One of the best benchmarks for reviewing a film is seeing how well it stands up days after the initial viewing. Thoughts become focused and precise, where the fog of hype and bartering fades away (“Well, they did do that bad, but at least…“) and true feelings towards the film surface. I try to employ this with mostly every movie I watch. This is the reason why, day by day, I continually lose respect for The Master and PTA’s films in general. Throughout this marathon, I’ve watched the films of PTA and though I’ve enjoyed them, there was always something missing. Something that’s scratched at my brain for some time now, but after The Master, I realized what was lacking in Anderson’s films: meaning.
In The Master, we are greeted by Freddie Quell, a wrecked leftover from WW2 who possessed some serious mental issues, some fostered by disastrous exposure to brutal killings, some created by the puzzling grooves of his mind. He’s unpredictable and has a ravenous sexual appetite. When we are first introduced to Freddie in the opening sequence, including a scene of him humping a sand lady he’s fashioned on the beach, one can’t help but wonder: is this nurture of his nature?
Therefore, it’s even more interesting to see a cult leader, Lancaster Dodd take on Freddie, somewhat as a pet project. (P.S. This film is not only about Scientology. The themes in The Master can apply to any religious or educational hub). We’re promised to see an intricate examination of the human psyche as people are massaged into dangerous and cultish thoughts, but the result is much different.
Before I give my spill, I would like to at least explain The Master isn’t terrible, at least not in terms outside storytelling. Everyone here is absolutely brilliant and absolutely convincing in their roles; certain scenes would be vapid if PTA didn’t employ old regulars such as Philip Seymour Hoffman or Joaquin Phoenix. Though Amy Adams seems like a flat character (silent yet strong type woman is fastly becoming a caricature in film), these actors take on an interesting script and give dazzling performances.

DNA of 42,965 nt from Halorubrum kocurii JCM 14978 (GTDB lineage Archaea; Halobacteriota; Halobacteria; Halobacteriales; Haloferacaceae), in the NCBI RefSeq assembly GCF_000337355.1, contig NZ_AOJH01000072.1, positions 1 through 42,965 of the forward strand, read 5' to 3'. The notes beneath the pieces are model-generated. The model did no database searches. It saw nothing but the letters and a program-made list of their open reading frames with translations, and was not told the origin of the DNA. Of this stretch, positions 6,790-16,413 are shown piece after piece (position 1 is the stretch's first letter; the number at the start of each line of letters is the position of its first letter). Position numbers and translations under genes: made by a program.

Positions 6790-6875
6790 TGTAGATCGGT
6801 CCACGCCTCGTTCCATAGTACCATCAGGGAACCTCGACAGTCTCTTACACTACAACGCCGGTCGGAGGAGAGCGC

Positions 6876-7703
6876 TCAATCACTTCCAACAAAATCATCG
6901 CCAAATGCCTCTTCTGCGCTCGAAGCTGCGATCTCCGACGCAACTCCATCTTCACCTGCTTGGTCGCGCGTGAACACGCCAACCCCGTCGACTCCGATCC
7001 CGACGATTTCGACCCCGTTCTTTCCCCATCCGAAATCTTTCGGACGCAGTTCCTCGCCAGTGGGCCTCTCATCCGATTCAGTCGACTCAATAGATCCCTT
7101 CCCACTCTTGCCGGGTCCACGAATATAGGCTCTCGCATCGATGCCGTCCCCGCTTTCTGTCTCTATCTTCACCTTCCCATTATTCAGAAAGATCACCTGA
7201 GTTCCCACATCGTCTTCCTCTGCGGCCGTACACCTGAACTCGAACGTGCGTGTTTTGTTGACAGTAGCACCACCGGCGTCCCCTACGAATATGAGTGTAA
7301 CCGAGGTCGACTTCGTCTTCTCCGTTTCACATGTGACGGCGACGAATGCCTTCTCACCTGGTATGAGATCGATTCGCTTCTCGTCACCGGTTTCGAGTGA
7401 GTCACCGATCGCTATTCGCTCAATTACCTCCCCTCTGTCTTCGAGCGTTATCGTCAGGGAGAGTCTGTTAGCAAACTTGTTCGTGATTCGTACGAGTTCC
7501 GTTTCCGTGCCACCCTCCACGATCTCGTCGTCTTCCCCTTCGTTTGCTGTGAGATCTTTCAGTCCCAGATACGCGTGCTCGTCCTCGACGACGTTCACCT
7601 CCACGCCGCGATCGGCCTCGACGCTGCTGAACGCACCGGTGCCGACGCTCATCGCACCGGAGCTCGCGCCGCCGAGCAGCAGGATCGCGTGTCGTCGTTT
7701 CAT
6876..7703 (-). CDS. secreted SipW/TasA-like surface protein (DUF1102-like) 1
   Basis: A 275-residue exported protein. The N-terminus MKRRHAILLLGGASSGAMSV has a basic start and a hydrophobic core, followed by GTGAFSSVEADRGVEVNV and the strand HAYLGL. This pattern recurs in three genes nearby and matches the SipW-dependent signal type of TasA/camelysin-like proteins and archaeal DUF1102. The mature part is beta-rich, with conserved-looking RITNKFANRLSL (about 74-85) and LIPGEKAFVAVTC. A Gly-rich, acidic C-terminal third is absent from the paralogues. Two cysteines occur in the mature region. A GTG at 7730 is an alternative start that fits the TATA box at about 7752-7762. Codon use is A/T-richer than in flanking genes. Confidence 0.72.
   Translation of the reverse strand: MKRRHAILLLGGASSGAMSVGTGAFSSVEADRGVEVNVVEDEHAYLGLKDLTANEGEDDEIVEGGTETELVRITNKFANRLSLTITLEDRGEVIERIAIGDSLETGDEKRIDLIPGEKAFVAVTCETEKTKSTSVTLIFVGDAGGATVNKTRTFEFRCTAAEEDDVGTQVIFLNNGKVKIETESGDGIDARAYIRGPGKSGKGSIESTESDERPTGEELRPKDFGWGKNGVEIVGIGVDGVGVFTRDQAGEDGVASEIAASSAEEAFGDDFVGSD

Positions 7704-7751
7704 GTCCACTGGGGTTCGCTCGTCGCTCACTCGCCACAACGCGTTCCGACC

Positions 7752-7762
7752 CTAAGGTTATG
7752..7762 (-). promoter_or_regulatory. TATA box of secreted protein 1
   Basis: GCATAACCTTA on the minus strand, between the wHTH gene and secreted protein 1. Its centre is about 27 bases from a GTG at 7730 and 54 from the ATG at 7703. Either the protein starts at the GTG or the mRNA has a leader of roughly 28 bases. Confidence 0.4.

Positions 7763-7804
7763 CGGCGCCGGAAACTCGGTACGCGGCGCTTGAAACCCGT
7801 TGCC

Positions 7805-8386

That’s where it stops for The Master and most of PTA’s films: mere interestingness.
Now, unlike Magnolia, some of the questions left over from The Master actually please the viewer and stretches their imagination. Why does Freddie join Dodd’s religion? A lost soul looking for the answers to his questions? Why does Freddie defend him, sometimes physically? Does he join the Cause because it’s “cool” and something new? Why does Dodd take Freddie on? The mere booze he provides? Pet project? However, as the movie progresses, these fascinating questions evolve into major irritations. There are no hints and no points to the movie.
Additionally, what is the point of this film? Be careful who you trust in? When in doubt, add a sex scene? What meaning do the numerous sexual references have? Does The Master have any meaning? An often recurring pop-up in PTA’s films is that there is no meaning. Everything is merely interesting, never insightful. The Master never fully impacts because Anderson mixes characters with lazy story lines (not so much in construction of the script, but applying innate ideas to a film with substance). PTA has a talent for devising interesting and complicated characters in dramatic plots, but again, they stop there. Enigmatic people who convey no truth about life. Substance in films don’t equal sunshine and rainbows (American Beauty is controversial, yet it had substance and a point to it: how beautiful life is, yet how fleeting beauty is in one’s life, especially one stunted with droning complacency). An well-executed movie lets the moviegoer think for themselves and devise their own reasonable dissection of the film, enabling an emotional and mental connection. There is no such thing with PTA or The Master.
I’ve been patient with Anderson’s films, re-watching movies and trying to analyze those
movies where a point can be found. Yet, nothing. It’s like being promised a present but having confetti thrown in your face: it’s pretty and colorful (interesting), but what’s the meaning?
Therefore, therein is the most damaging element in PTA’s films. It is so bad that I will have to decline to watch Hard Eight for this marathon. The Master has all the right ingredients: wonderful leads, an engaging plot (if Anderson focused on cultism and not Freddie’s decaying life, would The Master have been rescued?) and beautiful cinematography. Except one is left out: purpose.